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Tuning emission of charged excitons in two-dimensional transition metal dichalcogenide monolayers

Project description

Charged excitons pave the way to more efficient quantum technologies

Transition metal dichalcogenide (TMD) monolayers are atomically thin semiconductors that are deemed promising platforms for quantum information technologies as they host ‘valleys’ as quantum degrees of freedom that can serve as qubits. Controlling the polarisation of the light that excitons generate inside these semiconductors could lead to more efficient quantum devices. Funded by the Marie Skłodowska-Curie Actions programme, the 2DCHEX project plans to create an electro-optical interface by doping TMD monolayers. The electric double layers should control charged exciton formation, while complex nanoantennas should enhance collimated beam emission. The ultimate goal is to develop a bright, directional and electrically tuneable quantum device operating at room temperature that could render quantum computing and information technologies more efficient.


Transition metal dichalcogenide (TMD) monolayers constitute an attractive material platform due to additional degrees of freedom in encoding and processing quantum information. Currently, the use of these degrees of freedom in valleytronics is hampered due to the low valley polarization of the neutral exciton at room temperature. Recently, charged excitons have been demonstrated to exhibit high valley polarization even at room temperature albeit with low quantum yield and have a need for sophisticated charge doping techniques. This action proposes a novel electro-optical interface based on electron doping of TMD monolayers. I suggest to use the electric double layers to control the formation of charged excitons, and to use complex nanoantennas to enhance and collimate generated emission. My goal is to develop a quantum device merging fields of electrochemistry, photonics, plasmonics and TMD materials, giving practical access to new degrees of freedom for future valleytronic applications. The objectives are to demonstrate the exciton charging in TMD monolayers using a custom-built electrochemical cell and to tune electrically charged-exciton emission through the manipulation of the Fermi level, i.e. chemical potential. I aim to use the tuning of emission energy for coupling the charged exciton with a narrow resonance of a complex nanoantenna. This antenna will increase the extraction efficiency by directing the emission of charged excitons and enhancing their generation rate. Furthermore, I aim to explore the chirality of valley polarization and address the emission of charged excitons for their directional coupling with plasmons in high quality wedge waveguides based on crystalline gold micro-flakes. The overarching aim of my action is the development of a novel bright, directional, and electrically tunable quantum emitting device operating at room temperature for future quantum computing and information technologies.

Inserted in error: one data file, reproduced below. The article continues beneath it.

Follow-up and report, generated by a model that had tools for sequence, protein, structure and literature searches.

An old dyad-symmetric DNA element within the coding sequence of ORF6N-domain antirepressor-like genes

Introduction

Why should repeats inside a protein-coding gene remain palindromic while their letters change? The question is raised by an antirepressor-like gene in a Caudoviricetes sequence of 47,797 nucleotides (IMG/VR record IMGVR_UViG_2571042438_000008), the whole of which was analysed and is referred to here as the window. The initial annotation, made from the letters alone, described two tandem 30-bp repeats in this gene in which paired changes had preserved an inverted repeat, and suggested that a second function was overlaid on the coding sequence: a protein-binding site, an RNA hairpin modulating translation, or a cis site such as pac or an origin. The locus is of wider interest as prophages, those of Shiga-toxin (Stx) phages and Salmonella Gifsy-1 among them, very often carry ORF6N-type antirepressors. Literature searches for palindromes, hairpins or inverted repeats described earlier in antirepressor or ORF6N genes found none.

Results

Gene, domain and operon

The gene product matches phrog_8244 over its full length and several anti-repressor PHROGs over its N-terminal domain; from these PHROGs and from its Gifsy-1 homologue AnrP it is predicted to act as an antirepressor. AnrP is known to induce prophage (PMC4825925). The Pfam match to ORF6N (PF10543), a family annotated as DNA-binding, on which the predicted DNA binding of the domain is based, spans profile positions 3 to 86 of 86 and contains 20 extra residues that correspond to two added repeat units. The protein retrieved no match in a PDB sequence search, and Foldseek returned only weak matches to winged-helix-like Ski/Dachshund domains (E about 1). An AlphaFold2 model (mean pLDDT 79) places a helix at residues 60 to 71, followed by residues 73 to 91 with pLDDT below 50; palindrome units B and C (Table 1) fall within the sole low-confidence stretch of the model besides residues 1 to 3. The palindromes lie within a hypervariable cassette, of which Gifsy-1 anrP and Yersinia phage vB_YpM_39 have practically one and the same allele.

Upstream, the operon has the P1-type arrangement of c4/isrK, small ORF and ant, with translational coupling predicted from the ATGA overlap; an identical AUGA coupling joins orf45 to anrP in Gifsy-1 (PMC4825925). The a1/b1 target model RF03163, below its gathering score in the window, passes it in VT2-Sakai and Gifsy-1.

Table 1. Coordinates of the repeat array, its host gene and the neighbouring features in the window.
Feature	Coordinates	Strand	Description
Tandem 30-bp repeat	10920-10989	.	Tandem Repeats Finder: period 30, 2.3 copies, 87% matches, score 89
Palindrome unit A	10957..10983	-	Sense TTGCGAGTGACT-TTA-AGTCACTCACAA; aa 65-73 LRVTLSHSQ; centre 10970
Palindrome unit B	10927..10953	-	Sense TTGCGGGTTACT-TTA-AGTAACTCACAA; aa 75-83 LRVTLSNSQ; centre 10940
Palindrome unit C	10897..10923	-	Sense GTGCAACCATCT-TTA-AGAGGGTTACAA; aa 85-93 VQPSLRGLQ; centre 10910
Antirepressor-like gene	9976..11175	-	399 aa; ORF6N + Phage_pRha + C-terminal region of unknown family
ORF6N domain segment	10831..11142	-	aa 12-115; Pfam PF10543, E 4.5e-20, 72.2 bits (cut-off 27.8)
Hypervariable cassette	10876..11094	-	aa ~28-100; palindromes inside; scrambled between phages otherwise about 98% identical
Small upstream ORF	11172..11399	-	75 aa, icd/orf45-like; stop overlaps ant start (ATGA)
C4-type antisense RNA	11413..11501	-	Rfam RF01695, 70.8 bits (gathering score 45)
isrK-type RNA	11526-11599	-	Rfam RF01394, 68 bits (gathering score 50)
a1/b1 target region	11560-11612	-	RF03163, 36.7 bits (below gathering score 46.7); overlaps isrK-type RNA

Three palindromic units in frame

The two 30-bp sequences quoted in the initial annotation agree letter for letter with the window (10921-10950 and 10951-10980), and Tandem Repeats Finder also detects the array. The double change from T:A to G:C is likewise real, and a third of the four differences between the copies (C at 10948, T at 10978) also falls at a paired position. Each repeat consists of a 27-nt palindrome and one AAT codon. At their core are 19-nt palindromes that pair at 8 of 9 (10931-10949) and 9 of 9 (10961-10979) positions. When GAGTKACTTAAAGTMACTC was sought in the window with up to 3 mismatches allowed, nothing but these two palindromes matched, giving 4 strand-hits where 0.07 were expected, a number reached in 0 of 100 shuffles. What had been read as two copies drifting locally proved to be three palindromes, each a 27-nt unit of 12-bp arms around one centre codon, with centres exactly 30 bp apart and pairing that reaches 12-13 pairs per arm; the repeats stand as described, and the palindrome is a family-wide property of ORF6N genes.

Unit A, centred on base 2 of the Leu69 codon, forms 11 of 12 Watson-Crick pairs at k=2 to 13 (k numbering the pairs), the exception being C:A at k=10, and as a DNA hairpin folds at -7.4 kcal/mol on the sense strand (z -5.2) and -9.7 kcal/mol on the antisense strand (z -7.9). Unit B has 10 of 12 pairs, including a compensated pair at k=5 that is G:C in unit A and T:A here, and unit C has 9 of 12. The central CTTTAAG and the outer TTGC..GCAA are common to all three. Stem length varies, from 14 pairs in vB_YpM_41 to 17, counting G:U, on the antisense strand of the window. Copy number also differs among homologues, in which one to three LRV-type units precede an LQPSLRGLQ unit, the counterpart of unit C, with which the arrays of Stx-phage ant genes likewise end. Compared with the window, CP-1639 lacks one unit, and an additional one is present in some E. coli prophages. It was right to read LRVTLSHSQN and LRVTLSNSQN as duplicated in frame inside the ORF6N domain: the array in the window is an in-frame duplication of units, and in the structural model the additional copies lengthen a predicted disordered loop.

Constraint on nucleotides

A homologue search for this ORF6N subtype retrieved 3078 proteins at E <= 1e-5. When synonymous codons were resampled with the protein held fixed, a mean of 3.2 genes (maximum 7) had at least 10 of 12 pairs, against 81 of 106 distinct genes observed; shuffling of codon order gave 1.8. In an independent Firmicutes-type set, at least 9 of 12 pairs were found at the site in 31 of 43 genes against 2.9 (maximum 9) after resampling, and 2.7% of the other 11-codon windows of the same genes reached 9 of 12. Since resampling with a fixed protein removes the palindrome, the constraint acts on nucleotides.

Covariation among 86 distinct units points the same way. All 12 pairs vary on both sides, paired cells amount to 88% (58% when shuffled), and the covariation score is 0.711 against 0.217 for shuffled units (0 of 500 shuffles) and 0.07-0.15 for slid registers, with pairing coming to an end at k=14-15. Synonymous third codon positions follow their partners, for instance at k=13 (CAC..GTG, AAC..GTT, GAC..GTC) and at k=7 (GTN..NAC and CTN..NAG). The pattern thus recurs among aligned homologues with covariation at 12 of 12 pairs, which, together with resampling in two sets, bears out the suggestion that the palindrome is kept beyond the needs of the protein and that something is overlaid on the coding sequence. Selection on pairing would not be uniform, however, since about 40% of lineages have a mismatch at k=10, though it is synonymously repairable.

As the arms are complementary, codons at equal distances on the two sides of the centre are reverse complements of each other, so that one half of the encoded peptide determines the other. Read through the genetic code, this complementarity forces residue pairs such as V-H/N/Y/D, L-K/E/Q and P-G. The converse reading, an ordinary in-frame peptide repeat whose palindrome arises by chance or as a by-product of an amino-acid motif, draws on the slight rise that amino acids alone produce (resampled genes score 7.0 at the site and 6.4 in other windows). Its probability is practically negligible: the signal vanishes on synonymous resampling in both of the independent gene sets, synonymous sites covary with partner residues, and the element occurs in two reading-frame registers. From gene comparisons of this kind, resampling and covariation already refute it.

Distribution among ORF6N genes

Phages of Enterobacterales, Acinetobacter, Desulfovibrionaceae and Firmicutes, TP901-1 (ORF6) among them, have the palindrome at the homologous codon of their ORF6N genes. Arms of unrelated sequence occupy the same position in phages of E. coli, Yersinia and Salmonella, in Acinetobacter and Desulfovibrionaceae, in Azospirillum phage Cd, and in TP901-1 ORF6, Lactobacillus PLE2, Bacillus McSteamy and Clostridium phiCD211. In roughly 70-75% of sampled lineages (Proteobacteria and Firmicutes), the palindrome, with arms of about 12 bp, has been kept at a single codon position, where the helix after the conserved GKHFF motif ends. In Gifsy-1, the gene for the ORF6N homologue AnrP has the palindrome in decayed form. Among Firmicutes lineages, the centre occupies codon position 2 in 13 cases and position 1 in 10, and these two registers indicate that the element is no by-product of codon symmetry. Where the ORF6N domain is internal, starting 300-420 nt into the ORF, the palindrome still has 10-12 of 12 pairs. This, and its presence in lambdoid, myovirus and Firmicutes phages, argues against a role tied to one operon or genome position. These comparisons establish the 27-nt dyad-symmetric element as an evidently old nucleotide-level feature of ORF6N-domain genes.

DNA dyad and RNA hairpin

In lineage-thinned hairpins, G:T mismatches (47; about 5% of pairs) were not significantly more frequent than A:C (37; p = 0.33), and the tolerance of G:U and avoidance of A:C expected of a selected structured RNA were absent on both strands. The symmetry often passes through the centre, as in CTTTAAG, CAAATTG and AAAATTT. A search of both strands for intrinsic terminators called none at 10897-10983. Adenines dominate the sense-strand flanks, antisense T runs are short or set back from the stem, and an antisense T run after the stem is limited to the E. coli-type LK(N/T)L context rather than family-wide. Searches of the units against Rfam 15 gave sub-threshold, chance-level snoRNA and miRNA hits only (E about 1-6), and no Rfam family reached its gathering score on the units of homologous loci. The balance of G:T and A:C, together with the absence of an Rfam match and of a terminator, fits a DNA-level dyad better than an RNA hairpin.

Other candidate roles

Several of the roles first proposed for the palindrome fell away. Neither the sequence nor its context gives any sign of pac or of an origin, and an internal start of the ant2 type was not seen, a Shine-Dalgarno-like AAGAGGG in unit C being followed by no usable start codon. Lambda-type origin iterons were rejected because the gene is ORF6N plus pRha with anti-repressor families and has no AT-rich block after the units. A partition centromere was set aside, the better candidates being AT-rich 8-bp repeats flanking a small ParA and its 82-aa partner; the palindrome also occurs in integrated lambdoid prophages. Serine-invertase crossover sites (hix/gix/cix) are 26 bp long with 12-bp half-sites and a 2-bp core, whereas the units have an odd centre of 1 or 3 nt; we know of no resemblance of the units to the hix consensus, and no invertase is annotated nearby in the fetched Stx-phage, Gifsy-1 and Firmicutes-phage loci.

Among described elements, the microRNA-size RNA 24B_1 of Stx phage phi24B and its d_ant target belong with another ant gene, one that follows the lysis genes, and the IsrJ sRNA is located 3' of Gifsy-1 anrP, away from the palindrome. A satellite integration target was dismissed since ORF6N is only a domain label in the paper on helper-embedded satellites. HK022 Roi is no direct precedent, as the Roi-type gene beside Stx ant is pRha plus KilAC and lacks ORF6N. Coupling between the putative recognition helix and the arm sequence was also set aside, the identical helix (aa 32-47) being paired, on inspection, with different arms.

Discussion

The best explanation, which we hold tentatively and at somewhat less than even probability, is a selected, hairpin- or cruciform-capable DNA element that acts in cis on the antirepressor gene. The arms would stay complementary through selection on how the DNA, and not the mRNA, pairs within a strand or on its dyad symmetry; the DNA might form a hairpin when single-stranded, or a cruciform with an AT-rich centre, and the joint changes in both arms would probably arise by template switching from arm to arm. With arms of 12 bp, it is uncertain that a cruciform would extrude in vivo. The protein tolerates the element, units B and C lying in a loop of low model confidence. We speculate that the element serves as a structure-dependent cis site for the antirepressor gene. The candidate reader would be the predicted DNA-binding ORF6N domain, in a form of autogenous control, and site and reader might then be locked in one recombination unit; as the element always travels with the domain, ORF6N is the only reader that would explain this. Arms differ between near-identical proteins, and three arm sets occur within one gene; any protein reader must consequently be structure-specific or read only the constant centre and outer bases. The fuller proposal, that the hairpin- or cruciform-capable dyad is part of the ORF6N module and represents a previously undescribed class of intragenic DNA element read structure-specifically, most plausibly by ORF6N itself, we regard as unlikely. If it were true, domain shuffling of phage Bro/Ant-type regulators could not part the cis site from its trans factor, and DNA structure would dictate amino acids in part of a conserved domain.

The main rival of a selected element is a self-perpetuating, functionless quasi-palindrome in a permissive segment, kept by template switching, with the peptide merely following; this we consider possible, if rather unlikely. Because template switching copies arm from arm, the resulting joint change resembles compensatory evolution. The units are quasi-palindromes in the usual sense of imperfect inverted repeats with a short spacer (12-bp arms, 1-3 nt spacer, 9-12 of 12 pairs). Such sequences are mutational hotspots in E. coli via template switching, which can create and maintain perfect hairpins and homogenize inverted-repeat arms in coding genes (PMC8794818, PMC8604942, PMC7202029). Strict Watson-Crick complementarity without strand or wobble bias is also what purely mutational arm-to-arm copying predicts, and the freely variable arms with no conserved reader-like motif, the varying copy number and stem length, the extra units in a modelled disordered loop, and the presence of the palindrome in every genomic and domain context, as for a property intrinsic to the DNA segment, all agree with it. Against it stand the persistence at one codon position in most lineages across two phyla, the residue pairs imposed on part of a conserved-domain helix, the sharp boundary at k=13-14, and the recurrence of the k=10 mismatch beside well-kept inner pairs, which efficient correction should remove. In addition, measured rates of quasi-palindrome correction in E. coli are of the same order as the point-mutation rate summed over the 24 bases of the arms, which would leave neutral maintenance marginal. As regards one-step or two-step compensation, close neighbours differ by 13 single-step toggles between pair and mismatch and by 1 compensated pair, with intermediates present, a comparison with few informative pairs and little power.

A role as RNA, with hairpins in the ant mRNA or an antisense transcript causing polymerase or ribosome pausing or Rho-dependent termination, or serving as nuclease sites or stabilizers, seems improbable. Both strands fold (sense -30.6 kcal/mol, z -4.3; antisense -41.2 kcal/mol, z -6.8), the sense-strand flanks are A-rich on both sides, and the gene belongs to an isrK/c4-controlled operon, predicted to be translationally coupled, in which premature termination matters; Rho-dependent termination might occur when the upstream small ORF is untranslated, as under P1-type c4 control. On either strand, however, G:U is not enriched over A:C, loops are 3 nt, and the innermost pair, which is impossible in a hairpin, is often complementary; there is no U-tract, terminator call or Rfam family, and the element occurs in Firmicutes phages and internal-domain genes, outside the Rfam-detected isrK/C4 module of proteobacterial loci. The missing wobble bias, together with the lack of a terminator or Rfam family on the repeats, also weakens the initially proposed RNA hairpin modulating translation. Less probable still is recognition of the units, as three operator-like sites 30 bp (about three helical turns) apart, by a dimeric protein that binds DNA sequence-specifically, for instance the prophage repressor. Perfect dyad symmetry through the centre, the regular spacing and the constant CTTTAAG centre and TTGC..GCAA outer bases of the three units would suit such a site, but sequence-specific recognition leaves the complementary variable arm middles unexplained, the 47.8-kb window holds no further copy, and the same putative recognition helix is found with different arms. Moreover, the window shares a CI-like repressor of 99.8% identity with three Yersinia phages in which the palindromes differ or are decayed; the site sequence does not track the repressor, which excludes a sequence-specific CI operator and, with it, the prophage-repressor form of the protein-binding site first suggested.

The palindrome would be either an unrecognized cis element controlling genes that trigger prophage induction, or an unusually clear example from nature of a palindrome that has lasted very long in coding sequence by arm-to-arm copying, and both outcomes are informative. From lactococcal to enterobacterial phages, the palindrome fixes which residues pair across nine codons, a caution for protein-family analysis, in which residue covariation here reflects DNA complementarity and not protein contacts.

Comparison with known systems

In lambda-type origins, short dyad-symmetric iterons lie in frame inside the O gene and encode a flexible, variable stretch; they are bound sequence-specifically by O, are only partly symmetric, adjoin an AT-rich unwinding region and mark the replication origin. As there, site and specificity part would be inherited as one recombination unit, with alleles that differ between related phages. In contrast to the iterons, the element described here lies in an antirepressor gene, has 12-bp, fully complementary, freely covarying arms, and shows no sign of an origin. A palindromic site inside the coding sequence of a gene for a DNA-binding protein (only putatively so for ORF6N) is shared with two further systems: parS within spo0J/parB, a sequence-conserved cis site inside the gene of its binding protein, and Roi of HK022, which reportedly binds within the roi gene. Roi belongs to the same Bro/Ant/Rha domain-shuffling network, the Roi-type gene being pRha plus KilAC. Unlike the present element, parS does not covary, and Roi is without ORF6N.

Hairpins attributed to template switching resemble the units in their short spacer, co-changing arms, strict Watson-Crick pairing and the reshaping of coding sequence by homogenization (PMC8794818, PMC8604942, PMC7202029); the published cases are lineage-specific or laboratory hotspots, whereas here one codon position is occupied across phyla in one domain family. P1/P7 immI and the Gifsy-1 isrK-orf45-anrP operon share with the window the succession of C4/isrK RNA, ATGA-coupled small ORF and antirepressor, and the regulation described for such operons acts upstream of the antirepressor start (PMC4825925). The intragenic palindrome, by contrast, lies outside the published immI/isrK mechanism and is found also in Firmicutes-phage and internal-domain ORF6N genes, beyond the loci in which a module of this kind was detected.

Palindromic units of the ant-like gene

Net EU contribution
€ 207 312,00
Campusvej 55
5230 Odense m

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Danmark Syddanmark Fyn
Activity type
Higher or Secondary Education Establishments
Other funding
€ 0,00